dnn8350,

Thanks for weighing in with your experience. I'm like you and Jbird, I find that IF is very natural and in fact becomes easier with time. In re-reading some of the posts of those (here and elsewhere) I notice that those who struggle with IF often do so with the attitude that the first meal after a fast is some kind of "reward" or excuse to indulge. That is certainly not how it works for me. While I find that fasting typically enhances the taste of food, I fill up and satiate on less food, if anything.

If someone trying IF finds themself gorging, overeating or daydreaming about food, I would take that as a sign that they are proceeding too quickly, and should process more gradually. We all adapt to new dietary or
exercise practices at different rates.

I do see some people sounding unnecessary alarm about IF. The latest is the blogger and neurosurgeon Jack Kruse who appears to think that IF is only advisable for people who are quite healthy. He has the idea that if you are leptin resistant (a very large percentage of overweight people) you absolutely must eat a high protein breakfast to achieve a "leptin reset". I've tried to follow his reasoning on this, but I'm not convinced. The fact is that for most of us breakfast is an easy meal to skip  Doing so extends the benefits of low insulin autophagy that get underway while you sleep. Why stop a good thing just when it is just getting going?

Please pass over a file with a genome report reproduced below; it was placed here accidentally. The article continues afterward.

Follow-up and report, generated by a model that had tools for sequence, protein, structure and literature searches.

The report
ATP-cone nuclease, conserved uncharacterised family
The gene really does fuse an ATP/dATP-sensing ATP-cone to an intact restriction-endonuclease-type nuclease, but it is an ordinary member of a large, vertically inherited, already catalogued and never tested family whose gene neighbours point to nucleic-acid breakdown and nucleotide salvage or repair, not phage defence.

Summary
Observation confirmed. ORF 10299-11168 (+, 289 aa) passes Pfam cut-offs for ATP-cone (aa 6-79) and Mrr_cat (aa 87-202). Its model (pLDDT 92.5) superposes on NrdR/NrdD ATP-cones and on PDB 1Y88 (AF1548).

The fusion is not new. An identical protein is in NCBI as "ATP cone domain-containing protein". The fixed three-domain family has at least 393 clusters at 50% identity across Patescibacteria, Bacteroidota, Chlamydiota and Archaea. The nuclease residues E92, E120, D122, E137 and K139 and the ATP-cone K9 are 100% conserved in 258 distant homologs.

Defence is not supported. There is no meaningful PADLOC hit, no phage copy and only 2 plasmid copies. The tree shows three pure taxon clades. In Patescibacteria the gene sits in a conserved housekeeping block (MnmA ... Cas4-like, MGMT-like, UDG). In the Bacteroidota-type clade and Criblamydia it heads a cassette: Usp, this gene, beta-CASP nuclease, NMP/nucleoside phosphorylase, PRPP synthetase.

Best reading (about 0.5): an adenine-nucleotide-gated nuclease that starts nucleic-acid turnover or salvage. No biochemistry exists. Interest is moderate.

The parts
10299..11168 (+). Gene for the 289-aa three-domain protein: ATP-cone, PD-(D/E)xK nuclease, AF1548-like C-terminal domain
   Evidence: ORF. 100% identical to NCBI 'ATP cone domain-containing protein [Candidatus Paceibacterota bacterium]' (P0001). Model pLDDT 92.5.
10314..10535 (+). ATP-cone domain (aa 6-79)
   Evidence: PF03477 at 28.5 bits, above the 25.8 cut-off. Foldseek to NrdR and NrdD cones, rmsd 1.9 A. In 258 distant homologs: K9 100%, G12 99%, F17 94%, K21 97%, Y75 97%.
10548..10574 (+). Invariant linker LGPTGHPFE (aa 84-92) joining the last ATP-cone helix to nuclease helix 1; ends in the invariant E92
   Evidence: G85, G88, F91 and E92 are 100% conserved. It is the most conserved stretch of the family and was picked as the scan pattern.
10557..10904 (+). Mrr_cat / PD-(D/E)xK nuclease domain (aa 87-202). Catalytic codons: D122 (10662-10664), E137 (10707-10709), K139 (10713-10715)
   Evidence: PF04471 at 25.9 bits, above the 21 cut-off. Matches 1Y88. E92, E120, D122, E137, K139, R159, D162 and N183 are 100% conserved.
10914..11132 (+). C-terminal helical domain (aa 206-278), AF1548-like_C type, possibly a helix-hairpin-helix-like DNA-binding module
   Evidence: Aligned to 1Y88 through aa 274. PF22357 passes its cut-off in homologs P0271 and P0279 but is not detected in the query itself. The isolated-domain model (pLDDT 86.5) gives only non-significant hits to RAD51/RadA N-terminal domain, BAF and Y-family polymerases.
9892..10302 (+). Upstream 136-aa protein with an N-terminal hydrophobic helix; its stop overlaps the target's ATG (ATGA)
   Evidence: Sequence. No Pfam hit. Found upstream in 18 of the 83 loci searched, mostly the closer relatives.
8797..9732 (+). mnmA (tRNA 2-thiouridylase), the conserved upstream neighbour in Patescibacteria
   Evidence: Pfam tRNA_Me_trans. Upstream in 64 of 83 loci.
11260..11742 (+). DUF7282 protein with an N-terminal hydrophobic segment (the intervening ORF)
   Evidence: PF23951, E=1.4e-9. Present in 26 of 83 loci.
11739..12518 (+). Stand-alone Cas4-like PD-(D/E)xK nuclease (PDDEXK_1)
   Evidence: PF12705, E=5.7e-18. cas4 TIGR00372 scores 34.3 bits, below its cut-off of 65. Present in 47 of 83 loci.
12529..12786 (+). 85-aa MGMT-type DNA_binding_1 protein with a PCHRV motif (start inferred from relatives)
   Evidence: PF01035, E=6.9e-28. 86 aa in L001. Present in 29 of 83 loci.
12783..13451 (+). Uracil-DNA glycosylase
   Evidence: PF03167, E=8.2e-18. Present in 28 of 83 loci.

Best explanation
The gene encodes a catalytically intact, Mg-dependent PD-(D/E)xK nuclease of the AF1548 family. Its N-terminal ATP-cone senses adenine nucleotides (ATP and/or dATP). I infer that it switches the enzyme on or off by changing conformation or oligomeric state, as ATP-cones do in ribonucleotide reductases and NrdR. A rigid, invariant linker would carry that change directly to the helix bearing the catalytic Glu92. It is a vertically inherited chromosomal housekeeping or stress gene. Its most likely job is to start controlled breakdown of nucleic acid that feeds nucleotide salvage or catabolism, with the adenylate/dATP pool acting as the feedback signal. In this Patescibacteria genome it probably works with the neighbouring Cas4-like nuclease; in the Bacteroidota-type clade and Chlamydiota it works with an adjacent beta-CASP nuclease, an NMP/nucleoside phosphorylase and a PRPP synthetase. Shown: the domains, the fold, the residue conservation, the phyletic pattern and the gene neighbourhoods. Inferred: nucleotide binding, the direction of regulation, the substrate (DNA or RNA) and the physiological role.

The typically circadian cycles of leptin, ghrelin and other energy hormones are in large part a conditioned social construction of Western meal schedules. I think we are versatile creatures with far less dependency on fixed meal patterns than many people realize, including the "experts".   Over a period of weeks, it is not that difficult to decondition habitual meal schedules and adapt to alternate schedules, or even the lack of a fixed schedule.
« Last Edit: January 23, 2012, 09:20:36 AM by Todd Becker »

Offline dnn8350

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Re: Concerns raised about intermittent fasting
« Reply #11 on: January 23, 2012, 05:30:55 AM »